As we were getting out of the car, we saw one family with a young woman walking up the stairs. She kept on screaming every 2-3 minutes. Driver said that she had a “saayaa” on her (she was possessed) and coming to the temple of a powerful goddess is bothering the spirit which was troubling here. Later on we saw that family sitting in temple courtyard and a priest claiming some cure. She still kept on screaming every now and then and looked pissed off.

View of Shimla side just off hiking route

THis temple was more or less just like Kali Ka Tibba we had visited the previous day but was much filthier. The complex itself was clean but the wooded area nearby was covered in plastic and styrofoam waste. The visitors and shops nearby dump their waste wherever they feel like as long as it’s not inside the temple. The view of surrounding area was good but nothing special. The rant which I wrote in previous post about places of worship holds true for this place too.

We had lunch of rice and daal in one of the dhabas which was served in styrofoam plates. The state govt. needs to ban this nuisance too. It’s as bad as the plastic bags.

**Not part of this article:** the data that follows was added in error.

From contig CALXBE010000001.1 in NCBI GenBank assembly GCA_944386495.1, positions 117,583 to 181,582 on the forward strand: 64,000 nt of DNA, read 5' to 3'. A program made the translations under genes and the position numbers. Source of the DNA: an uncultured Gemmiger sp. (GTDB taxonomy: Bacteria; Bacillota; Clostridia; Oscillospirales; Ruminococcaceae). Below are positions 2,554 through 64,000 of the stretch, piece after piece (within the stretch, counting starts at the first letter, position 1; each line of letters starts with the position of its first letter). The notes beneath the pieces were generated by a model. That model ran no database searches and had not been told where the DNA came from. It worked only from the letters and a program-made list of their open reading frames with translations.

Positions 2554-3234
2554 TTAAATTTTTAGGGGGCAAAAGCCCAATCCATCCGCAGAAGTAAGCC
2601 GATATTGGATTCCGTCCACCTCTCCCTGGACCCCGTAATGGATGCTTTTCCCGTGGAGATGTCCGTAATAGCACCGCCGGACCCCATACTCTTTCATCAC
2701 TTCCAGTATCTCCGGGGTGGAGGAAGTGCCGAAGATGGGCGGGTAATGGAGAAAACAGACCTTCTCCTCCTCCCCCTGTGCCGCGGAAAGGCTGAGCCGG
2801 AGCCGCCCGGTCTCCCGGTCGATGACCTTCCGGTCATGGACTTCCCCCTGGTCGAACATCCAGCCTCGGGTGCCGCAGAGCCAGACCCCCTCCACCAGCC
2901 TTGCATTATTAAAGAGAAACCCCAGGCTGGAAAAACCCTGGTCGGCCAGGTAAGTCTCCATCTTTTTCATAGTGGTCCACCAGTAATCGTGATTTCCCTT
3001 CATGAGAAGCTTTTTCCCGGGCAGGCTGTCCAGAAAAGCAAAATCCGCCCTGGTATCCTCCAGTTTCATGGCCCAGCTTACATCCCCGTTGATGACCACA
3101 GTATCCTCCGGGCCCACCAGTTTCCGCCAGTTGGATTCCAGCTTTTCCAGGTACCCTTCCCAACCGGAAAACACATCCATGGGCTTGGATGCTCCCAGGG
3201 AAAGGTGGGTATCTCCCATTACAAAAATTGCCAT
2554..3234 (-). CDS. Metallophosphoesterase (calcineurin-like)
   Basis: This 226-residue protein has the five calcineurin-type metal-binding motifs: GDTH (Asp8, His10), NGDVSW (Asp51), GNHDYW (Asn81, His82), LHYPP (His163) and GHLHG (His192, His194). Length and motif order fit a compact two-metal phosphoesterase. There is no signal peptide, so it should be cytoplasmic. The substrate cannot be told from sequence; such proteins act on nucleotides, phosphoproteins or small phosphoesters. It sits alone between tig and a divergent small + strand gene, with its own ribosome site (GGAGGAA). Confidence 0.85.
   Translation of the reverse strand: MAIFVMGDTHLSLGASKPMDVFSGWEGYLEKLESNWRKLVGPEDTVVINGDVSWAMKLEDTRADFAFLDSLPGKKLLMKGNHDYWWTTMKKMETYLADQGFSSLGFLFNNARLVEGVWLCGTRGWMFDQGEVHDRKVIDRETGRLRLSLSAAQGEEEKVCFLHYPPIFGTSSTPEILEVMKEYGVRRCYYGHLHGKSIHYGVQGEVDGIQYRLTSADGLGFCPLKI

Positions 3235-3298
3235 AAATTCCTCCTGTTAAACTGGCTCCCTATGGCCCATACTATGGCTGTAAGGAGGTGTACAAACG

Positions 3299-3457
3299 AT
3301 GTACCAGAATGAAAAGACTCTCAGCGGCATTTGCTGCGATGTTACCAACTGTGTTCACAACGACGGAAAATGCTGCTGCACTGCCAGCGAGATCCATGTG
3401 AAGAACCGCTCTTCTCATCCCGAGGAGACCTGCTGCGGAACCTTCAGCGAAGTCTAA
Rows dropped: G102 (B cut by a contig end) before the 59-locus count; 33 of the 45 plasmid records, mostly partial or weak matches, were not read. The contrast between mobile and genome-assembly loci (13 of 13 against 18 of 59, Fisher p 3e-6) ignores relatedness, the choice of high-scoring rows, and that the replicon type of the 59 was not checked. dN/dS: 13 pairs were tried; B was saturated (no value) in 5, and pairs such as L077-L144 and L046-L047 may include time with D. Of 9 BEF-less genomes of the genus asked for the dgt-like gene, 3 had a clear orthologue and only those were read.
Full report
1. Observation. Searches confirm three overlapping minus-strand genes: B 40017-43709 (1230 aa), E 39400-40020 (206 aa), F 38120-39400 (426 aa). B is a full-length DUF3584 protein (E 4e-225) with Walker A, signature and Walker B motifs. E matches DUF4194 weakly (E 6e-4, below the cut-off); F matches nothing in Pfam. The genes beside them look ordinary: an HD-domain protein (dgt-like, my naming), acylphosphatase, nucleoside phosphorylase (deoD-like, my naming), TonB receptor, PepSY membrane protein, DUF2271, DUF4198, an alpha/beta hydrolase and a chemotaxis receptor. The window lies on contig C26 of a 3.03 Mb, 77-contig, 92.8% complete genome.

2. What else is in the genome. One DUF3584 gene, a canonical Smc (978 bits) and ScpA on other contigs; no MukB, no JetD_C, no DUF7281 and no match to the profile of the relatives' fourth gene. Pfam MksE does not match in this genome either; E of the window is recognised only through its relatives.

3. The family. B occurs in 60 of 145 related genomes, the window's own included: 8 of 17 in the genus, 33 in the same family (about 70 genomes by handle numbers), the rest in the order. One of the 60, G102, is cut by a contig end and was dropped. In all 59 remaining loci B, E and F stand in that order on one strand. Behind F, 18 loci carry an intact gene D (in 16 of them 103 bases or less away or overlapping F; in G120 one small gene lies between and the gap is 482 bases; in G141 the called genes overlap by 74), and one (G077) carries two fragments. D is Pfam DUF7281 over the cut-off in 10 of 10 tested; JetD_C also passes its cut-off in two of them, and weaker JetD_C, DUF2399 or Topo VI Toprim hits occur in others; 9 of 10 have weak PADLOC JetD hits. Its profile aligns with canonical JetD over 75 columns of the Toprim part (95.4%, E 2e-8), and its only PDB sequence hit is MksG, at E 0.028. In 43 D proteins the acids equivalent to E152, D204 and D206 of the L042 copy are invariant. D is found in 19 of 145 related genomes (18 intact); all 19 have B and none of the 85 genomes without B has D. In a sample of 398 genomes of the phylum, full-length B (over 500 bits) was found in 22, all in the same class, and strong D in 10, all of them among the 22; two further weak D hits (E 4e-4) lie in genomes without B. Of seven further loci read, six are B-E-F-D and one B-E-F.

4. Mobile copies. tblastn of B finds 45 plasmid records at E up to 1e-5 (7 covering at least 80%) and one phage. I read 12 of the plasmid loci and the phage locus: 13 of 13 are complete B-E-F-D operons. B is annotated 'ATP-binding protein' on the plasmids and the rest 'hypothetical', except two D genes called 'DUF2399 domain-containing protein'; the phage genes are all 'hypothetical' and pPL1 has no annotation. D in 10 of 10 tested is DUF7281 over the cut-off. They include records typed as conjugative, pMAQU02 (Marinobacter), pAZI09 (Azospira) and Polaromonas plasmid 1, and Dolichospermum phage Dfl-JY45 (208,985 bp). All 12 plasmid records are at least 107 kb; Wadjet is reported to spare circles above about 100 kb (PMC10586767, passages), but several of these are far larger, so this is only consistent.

For nightstay, we first considered going to PWD guesthouse we saw on the way, but decided to check the guesthouse on top of the hill. The building itself is just a house with 3-4 rooms rented out to guests and a small hut outside divided in to two units. No rooms were available and we took one hut for Rs 500, which was a ripoff made amply clear by wifey. But it was out of town in a peaceful location and apparently starting point of some trekking routes. The caretaker seemed uninterested in his work and knew nothing about this except pointing out random hills in a vague manner.

A shepherd gathering firewood